When I started dating Jon 28 years ago, I knew that he was a hunter and an avid outdoorsman. I did not grow up in a household of hunters, which in Wisconsin is pretty rare! So I have to say that I did not truly understand what I was getting myself into. Even as we dated, I watched as his family would prepare for the big week, packing, re-packing, and unpacking. Every detail was planned, from the over-abundance of food, the truckload of outdoor apparel, sighting in the guns, target shooting, the travel route to the Big Woods. It all seemed a little excessive to me, but when I saw the joy it brought to Jon to come back with a deer, it was all worth it. The hunter-gatherer instinct in him is strong.
It wasn’t until we were married, and then had children, that I began to understand the depth of the ordeal, for a deer hunter’s wife! Just to give an example of what the past 3 weeks have been like…
In order to reduce the stress and bickering surrounding preparing for such a big trip, I got a jump start on preparations. What does that mean? Well, the Big Woods (an extended trailer with no running water or electricity) can make things tricky for cooking and cleaning-up meals. So I prepare as much ahead of time for them as possible. So far I have sacked away in the freezer Chili, Chicken Tortilla Soup, Chicken Noodle Soup, Venison Potpie, pumpkin bread, and cinnamon bread. I still have to make a few batch of cookies and some muffins. Yesterday was spent grocery shopping for the troop – which resulted in a $200 grocery bill and grocery bags packed with the essential dry goods that will sit in my dining room until they leave on Friday. Today’s agenda is laundry. Did you know that you can’t hunt if your clothes have been washed in anything other than no-scent laundry detergent? I didn’t! But so I’m told. So today I will wash clean clothes to remove any scent of our humanness. Right now I have 4 laundry baskets full of long underwear, sweatshirts, pants 3 sizes too big, and wool socks, in addition to the every-day clothes they will wear for 9 days. I have suitcases spread out on my bed, which must be quickly removed to the screen porch once I put the newly-washed clean clothes into them, to avoid picking up our stink (and so that our 6 month old kitten doesn’t decide to make it her new napping place). There are strict rules surrounding this whole ritual, most of which make no sense to me. Sometimes I don’t think they make sense to Jon, either, but it is the way he learned to do it. He must carry on the tradition…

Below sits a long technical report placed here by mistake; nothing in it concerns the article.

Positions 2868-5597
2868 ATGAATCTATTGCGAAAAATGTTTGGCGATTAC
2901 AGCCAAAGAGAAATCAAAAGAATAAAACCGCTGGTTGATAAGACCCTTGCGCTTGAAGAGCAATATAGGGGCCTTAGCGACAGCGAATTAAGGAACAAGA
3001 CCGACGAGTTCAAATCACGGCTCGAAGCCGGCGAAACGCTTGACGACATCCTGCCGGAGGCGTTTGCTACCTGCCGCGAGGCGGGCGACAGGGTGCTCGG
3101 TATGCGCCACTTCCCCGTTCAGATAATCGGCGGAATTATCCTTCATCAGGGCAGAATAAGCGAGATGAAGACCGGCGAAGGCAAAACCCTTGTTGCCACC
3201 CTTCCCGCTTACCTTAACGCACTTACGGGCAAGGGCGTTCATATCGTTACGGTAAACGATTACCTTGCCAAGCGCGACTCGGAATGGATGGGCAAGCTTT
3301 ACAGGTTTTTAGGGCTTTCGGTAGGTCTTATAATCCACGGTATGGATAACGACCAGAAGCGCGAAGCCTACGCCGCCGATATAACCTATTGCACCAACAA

So after an expensive, time-consuming process to get the gang up for their 9 days of leisure, I will then spend 2 days trying to get my house back to my standard of living. The remainder of the time, Lulu Grace and I will try to spend some quality time together. She doesn’t have school next week, so she will have sleep-overs in my room. (Yes, this is for my benefit. I can’t sleep without a warm body next to me!) We will have an at-home spa day. We will go to see a show. We will visit with her cousins. We will have Thanksgiving with my family. We will sleep late, eat what we want when we want, and enjoy each other’s company. This is important, because at the end of the 9 days, they bring all of their junk home so I can reverse the whole process. I’m going to need my rest!